Wow, what a busy aviation week this one has been! While 2,700 representatives from 300 airlines and 800 airports (BreakingTravelNews.com) gathered in Berlin at the annual ‘World Routes’ event, airports and travellers around the globe continued to work like clockwork. All of them? Not really, this week saw airports from Cairo to Sydney struggling through many problems.
First up was Cairo Airport (IATA: CAI) where Reuters reported that go-slow protests by air traffic controllers grounded four fifths of flights from the major regional hub and left as many as 3,000 travellers stranded. At Toronto Pearson International Airport in Canada (IATA: YYZ) Scott Armstrong, a spokesman for the Greater Toronto Airport Authority, told The Vancouver Sun that [a job action by security workers tasked with screening passengers] resulted in about 200 delayed flights so far this week. Yesterday then, Business Week was able to report that those long delays eased to a more tolerable 30 minutes on average. And finally, over in Australia disruptions continued for Qantas on Friday at many of the country’s airports even though the previously announced industrial actions were called of. Sadly there are no sign of relief for the national airline as according to The Wall Street Journal the next strike is already on the horizon: 11,000 passengers will have their travel plans thrown into disarray tomorrow, Monday because of strike action planned by engineers at Sydney (IATA: SYD; LD reviewed), Melbourne (IATA: MEL; LD reviewed) and Brisbane (IATA: BNE; LD reviewed) airports.
Moving over to the United Kingdom where not strike actions were the talk of the week, but more so the Kingdom’s airports future. First up we heard from Reuters that Britain’s Competition Commission CC.L on Friday told UK airport operator BAA that it must sell one of its Scottish airports before it disposes of London Stansted airport (IATA: STN; LD reviewed). On Friday The Financial Times then broke the story that a radical plan for a new “Heath-Wick” airport hub featuring a £5bn high-speed rail link between Heathrow (IATA: LHR; LD hub page) and Gatwick (IATA: LGW; LD reviewed) is being considered seriously by ministers. The article continued by arguing that building a 15-minute link between Heathrow and Gatwick could increase the price of landing slots at the latter, and eventually force low-cost airlines such as Ryanair and EasyJet to move to Stansted [which in results] free up more slots at the new “Heath-Wick” hub for an expansion of regional capacity.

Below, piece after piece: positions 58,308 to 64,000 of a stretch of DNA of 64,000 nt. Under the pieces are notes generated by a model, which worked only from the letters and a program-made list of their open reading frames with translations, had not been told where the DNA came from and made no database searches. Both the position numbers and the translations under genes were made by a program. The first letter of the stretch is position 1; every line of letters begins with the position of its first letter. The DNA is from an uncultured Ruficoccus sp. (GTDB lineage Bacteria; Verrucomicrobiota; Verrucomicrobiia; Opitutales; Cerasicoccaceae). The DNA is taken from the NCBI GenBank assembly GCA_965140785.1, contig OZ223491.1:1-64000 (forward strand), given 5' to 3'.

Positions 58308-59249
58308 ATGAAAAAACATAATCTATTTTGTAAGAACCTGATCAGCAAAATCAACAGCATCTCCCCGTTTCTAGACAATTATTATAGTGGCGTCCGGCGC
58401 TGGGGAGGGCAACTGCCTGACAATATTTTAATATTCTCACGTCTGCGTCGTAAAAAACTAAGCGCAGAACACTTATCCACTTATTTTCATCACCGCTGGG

Moving on to the United States which – surprise, surprise – wasn’t left out of the news this week. CNN informed us on Tuesday that the Transportation Security Administration unveiled a “trusted traveler” program meant to expedite screening at U.S. airport checkpoints. The article unveiled that the program is currently in its evaluation phase, where only certain frequent fliers on American and Delta airlines flying out of certain airports. Delta passengers must be flying out of Atlanta (IATA: ATL) and Detroit (IATA: DTW) airports, and American Airlines passengers must be flying out of Miami (IATA: MIA; LD reviewed) and Dallas (IATA: DFW) airports.
And finally we close with the news from Forbes who informed us that Sacramento International Airport (IATA: SMF) was scheduled to open a $1 billion terminal on Thursday, replacing a structure that is four decades old with a building that is designed to be a striking entrance to California’s capital region.
With this, have a great new week and safe travels!